Local vaccine industry needs more talentThe next step in making Fargo-Moorhead a global destination for the vaccine industry is to build a pool of talent, university and industry leaders say.
By: Amy Dalrymple, Forum News Service, INFORUM
The next step in making Fargo-Moorhead a global destination for the vaccine industry is to build a pool of talent, university and industry leaders say.
The Greater Fargo Moorhead Economic Development Corp. hosted a panel discussion Wednesday to learn more about initiatives that aim to attract vaccine and related biotechnology firms to the area.
The region’s focus on vaccines is becoming known around the country, said Michael Chambers, CEO of Aldevron, a Fargo-based company involved in vaccine research.
It was a “big thing” when North Dakota State University hired a former Pfizer biotechnologist and has attracted attention from people in the industry, Chambers said.
C. Satishchandran, who goes by Satish and is known around the world for his expertise in DNA vaccines, is now leading the new NDSU Center for Biopharmaceutical Research and Production.
“We want more Satishes to come here,” Chambers said. “We need more talent like that.”
Satishchandran, who has been at NDSU for three months, recommended that board members establish a small team to work on strategies to attract more talent.
“I certainly cannot do it all by myself,” he said.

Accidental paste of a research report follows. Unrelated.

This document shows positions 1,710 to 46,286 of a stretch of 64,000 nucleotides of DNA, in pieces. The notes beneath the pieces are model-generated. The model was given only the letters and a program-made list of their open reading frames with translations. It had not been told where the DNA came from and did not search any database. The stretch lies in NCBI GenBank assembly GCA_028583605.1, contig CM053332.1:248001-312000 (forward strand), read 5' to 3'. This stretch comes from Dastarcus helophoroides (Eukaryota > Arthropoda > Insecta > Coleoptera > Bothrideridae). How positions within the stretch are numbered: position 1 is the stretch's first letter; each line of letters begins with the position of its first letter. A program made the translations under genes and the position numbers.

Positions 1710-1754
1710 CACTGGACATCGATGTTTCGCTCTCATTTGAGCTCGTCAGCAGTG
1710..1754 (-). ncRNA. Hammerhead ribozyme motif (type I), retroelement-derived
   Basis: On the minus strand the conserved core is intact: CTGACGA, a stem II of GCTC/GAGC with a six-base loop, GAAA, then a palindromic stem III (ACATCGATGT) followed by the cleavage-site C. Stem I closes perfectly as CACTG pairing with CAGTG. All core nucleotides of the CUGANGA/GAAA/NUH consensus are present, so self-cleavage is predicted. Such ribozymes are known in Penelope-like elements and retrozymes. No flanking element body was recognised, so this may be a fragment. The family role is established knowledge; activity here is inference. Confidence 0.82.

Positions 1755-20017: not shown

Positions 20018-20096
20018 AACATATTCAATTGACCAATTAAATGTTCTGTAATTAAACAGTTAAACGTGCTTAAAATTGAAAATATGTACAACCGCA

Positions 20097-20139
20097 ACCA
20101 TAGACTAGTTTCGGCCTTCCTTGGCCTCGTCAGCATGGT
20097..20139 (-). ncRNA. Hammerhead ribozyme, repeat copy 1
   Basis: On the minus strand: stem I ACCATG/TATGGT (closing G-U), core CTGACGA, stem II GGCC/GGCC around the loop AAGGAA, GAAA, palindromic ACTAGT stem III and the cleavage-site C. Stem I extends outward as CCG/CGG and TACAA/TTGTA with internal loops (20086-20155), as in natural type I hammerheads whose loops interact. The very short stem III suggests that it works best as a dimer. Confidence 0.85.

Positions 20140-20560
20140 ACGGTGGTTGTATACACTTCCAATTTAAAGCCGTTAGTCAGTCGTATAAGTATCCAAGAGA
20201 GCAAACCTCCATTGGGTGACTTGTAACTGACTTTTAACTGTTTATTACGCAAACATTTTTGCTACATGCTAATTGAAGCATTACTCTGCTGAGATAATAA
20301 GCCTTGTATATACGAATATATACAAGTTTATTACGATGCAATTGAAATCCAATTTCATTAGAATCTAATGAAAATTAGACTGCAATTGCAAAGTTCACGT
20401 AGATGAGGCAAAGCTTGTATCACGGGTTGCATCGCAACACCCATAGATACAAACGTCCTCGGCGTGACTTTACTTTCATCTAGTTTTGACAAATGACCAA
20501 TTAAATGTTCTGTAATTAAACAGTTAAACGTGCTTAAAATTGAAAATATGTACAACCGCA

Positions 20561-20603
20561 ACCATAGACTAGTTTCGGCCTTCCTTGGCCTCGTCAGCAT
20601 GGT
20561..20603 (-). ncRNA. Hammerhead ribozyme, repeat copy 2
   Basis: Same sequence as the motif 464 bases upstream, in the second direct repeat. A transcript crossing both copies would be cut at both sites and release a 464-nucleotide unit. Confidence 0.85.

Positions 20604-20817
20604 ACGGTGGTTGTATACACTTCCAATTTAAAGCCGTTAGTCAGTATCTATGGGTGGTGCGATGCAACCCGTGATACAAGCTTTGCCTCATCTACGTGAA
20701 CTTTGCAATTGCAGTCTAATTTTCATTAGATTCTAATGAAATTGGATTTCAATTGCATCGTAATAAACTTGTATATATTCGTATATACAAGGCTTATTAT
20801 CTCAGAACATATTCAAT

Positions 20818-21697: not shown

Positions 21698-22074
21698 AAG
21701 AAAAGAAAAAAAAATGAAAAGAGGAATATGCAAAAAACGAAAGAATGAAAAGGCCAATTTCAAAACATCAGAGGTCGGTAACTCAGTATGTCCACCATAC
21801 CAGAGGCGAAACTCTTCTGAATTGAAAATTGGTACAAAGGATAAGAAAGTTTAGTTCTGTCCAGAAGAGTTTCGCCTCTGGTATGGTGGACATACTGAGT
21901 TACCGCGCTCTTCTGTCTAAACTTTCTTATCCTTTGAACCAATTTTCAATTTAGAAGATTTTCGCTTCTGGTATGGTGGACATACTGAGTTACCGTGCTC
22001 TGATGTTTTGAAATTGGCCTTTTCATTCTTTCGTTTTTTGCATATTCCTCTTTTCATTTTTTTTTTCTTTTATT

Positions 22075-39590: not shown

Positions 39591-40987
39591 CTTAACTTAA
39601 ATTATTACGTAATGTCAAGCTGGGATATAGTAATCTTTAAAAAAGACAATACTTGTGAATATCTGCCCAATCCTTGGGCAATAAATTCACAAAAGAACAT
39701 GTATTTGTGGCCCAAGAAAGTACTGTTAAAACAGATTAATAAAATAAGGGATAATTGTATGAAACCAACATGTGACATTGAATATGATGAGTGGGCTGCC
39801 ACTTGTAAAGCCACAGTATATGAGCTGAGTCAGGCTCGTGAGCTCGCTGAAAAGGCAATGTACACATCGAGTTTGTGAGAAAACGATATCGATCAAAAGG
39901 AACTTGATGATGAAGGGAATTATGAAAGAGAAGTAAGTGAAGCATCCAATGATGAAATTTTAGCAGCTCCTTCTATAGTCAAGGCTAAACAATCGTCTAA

The team could also work on finding more resources, he said.
The NDSU center has $2 million in state funding from the Center of Excellence program.
Satishchandran said it needs an additional $2 million to $4 million and continued support for about three to five years until it can become self-sustaining.
The NDSU center is on the verge of signing a collaboration agreement with Avianax, a Grand Forks-based company, he said.
NDSU is in discussions with a company in Pennsylvania and another in Massachusetts about other collaborations.
Meanwhile, NDSU is working with Concordia College and Minnesota State University Moorhead to develop a vaccinology minor through the Tri-College University.
Tri-College Provost Tim Flakoll said the goal is to have the first graduates of the program next spring. A vaccinology major may be developed in the future.
Panelists also said they’re excited about the presence of Sanford Health in Fargo because of the organization’s commitment to research.
Dennis Millirons, president of Sanford Medical Center Fargo, said officials are looking for a facility to house a research operation in Fargo.
The organization also is about to open up a search for a vice president for research, Millirons said.
Readers can reach Forum reporter Amy Dalrymple at (701) 241-5590